Reef, to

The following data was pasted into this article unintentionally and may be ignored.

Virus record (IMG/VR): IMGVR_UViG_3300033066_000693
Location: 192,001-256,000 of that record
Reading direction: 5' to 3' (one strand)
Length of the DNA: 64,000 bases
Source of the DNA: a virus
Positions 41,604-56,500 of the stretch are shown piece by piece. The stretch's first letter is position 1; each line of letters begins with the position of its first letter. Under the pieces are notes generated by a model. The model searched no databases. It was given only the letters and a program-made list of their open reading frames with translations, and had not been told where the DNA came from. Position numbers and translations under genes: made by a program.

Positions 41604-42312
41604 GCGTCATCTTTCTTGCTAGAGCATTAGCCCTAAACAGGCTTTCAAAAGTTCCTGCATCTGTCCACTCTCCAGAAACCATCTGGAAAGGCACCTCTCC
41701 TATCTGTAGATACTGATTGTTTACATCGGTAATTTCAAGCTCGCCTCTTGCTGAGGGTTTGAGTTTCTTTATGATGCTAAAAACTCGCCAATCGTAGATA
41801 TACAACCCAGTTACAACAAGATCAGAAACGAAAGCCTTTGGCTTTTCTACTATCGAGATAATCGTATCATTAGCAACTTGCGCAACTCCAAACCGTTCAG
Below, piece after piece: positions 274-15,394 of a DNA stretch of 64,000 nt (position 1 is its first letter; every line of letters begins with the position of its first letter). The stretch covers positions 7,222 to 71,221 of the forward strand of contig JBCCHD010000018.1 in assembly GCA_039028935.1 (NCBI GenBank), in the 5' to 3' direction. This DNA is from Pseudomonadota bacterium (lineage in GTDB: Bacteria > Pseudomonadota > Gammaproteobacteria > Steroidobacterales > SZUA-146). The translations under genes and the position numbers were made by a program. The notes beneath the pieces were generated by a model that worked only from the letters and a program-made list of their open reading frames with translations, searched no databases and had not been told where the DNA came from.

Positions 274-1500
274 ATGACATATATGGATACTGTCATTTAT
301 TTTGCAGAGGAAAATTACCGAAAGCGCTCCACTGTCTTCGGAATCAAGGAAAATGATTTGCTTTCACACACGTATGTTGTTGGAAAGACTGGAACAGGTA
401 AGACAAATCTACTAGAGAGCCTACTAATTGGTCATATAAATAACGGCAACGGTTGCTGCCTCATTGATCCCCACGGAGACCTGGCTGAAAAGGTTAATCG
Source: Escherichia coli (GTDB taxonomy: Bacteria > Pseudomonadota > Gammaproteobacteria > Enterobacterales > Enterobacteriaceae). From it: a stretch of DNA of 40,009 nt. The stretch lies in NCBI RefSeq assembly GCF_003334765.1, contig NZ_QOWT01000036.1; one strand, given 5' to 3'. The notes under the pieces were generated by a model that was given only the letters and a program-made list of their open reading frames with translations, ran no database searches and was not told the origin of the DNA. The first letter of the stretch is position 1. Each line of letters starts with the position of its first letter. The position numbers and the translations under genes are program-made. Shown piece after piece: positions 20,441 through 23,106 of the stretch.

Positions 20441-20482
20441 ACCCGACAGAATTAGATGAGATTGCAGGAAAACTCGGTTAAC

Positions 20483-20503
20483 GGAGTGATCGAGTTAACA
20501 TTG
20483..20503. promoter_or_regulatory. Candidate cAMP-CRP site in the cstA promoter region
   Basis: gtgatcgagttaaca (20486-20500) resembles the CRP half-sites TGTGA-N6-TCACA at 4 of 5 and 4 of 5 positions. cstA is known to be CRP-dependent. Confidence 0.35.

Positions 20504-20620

To reduce sail area by rolling or folding part of the cloth – usually along the foot in mainsails and along the luff in headsails, though either form is found in either sail. The process of making a reef is commonly called ‘tucking-in a reef, even where roller-reefing is used and there is no actual tucking. The reverse procedure is ‘shaking out a reef, an expression that suits a condition where cloth has been bundled and crumpled up. A reef is in fact that area of a sail between the foot and a set of reef points, or between two sets of reef points. Hence the expression to ‘take in a reef. In times past the lowest reef was sometimes called the ‘slab’ and this term has been revived for the folding type of reef, where a pre-determined area of cloth is taken in (ie. jiffy and points). The Slab reef contrasts with the rolled reef where the amount of cloth accommodated on the boom is continuously variable and not in discreet steps. All types of slab reef make use of Cringles (eyes) on the luff and leech of the sail, and these are first hauled down to form the new tack and clew of the sail. It is then necessary to tidy up the excess cloth along the foot of the sail, which is known as the Bunt. Whether or not there is a boom, the bunt can be firmly held by short lengths of cord, called Pennants or Points, which pass through eyelets in the sail cloth. Alternatively, but no so conveniently a continuous length of line may be threaded through the eyelets and around the bunt. The modern jiffy reefing for boomed mainsails makes use of elastic cord, a length of which is permanently threaded through the reef eyelets from luff to leech. After the tack and clew cringles have been hauled down to the boom, bights of the shock cord are stretched down and tucked under hooks on each side of the boom.